His plan also calls for the government to encourage greater “activity” in Opportunity Zones, a program created by the 2017 tax overhaul Trump signed, according to a memo obtained by Bloomberg News. Under the law, investors can reap tax benefits by investing in areas states designate as low-income.

Yet the program has drawn criticism for luring investment to neighborhoods that were already improving and for encouraging gentrification, displacing some Black residents who were supposed to benefit.

Trump will also promise further action along the lines of a law he signed in 2018 to reduce federal sentences for some non-violent offenses.

The

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Trump, Biden court Black business owners in final election sprint

President TrumpDonald John TrumpBiden on Trump’s refusal to commit to peaceful transfer of power: ‘What country are we in?’ Romney: ‘Unthinkable and unacceptable’ to not commit to peaceful transition of power Two Louisville police officers shot amid Breonna Taylor grand jury protests MORE and Democratic presidential nominee Joe BidenJoe BidenBiden on Trump’s refusal to commit to peaceful transfer of power: ‘What country are we in?’ Democratic groups using Bloomberg money to launch M in Spanish language ads in Florida Harris faces pivotal moment with Supreme Court battle MORE are seeking to boost engagement with Black business owners, part of a key demographic critical for both campaigns as the election enters the home stretch.

Their efforts underscore how the economy remains just as much a key issue for Black voters as with other groups, even as national attention focuses on racial justice protests that have swept the country following

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3 reasons why Biden is misreading the politics of court packing

From the party that brought you #DefundThePolice, enter the latest political gift to Republicans: #PackTheCourt. The proposal to expand the number of Supreme Court justices is gaining traction among Democrats as a proportional response if Republicans ram through Trump’s nominee at the eleventh hour. Last week, Sen. Ed MarkeyEdward (Ed) John MarkeyDemocrats shoot down talk of expanding Supreme Court Schumer: ‘Nothing is off the table’ if GOP moves forward with Ginsburg replacement Democrats see fundraising spike following Ginsburg death MORE (D-Mass.) came out with the most unequivocal endorsement of the move. If Republicans proceed with Trump’s SCOTUS nominee, he tweeted, “we must …expand the Supreme Court” the next time that Democrats hold power.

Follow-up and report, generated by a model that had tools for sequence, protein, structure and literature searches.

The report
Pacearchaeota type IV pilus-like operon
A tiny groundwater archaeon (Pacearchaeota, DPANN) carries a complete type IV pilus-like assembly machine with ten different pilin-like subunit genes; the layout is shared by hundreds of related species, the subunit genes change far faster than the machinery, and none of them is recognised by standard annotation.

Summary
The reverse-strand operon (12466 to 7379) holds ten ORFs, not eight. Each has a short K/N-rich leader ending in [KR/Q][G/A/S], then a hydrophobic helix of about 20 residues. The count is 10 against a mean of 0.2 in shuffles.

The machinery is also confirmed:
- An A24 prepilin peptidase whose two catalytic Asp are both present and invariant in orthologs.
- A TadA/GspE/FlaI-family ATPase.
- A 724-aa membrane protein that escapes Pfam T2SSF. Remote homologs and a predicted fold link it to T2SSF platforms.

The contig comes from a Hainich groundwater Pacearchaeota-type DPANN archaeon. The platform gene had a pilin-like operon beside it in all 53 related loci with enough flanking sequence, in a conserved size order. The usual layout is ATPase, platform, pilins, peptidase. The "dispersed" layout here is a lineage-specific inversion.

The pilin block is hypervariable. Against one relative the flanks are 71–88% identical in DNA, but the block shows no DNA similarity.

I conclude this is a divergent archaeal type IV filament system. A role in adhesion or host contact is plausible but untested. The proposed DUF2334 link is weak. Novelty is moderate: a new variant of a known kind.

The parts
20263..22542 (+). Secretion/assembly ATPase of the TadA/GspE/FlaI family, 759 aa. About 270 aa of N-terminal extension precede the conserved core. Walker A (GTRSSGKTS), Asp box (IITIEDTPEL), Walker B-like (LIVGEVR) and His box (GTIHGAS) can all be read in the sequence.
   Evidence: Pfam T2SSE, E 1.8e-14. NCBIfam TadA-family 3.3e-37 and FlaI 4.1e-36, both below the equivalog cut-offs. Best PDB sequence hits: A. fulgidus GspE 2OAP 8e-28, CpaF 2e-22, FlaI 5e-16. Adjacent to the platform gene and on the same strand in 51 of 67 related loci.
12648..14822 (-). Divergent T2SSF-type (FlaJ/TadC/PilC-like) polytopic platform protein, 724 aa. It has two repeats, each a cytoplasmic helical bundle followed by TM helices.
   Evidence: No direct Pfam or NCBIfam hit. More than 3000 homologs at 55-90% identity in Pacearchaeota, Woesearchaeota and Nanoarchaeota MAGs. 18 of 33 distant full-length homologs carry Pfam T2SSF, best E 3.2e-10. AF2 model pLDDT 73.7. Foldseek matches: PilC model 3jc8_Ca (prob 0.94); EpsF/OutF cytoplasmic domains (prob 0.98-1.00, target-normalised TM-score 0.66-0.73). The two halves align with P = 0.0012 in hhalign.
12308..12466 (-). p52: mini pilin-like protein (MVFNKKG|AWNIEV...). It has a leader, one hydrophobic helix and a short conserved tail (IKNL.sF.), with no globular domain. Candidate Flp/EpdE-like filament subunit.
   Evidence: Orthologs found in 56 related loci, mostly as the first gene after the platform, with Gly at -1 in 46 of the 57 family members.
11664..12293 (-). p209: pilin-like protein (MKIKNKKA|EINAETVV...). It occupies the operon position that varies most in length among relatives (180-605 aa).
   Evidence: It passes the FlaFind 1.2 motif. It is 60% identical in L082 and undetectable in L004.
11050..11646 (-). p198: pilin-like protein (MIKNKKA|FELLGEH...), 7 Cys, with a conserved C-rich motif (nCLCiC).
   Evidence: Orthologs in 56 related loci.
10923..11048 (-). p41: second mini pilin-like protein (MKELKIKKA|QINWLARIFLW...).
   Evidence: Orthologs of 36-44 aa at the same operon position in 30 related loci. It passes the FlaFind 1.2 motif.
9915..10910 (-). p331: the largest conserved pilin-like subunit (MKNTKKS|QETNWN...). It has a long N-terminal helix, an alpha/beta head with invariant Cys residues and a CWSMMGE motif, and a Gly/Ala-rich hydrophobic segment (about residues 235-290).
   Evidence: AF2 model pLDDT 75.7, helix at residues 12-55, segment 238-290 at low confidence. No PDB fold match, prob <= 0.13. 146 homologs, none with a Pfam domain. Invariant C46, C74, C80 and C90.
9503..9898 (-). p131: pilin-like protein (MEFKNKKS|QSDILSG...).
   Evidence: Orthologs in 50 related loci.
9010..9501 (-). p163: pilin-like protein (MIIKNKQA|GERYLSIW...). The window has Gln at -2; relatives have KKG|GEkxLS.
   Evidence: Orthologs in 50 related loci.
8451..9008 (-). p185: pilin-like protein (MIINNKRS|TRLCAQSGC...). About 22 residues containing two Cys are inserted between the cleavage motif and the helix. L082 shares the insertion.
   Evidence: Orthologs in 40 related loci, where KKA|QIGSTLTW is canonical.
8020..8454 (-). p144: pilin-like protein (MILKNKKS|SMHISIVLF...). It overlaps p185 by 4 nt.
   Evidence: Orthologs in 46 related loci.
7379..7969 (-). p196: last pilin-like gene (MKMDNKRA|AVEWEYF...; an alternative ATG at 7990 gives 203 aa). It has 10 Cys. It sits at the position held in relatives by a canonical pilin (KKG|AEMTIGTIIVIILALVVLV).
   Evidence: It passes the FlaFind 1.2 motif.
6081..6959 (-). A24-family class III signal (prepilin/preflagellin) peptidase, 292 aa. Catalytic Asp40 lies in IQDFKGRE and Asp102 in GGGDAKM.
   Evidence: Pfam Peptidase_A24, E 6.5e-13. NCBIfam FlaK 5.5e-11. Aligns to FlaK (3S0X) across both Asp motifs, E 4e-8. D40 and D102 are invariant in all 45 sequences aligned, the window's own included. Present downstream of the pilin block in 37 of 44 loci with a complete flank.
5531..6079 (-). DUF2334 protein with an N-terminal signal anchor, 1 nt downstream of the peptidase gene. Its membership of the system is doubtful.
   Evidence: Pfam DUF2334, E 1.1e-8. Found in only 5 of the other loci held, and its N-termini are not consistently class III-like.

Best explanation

Markey is in good company. During the recent presidential primaries, several top Democrats – including current vice presidential nominee Kamala HarrisKamala HarrisHarris faces pivotal moment with Supreme Court battle Nearly 40 Democratic senators call

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The Finance 202: Big business eyes more wins with padded conservative majority on Supreme Court

Yet the court is also primed to rule on a slate of issues pitting big-business interests against consumers and workers – with sweeping consequences for the balance of power between them. 

This court already treats business interests more favorably than any in nearly a century, some scholars argue. In its 2017 term, the court returned pro-business decisions in more than 80 percent of the cases in which they were at stake, according to an analysis by Adam Feldman, author of the Empirical SCOTUS blog.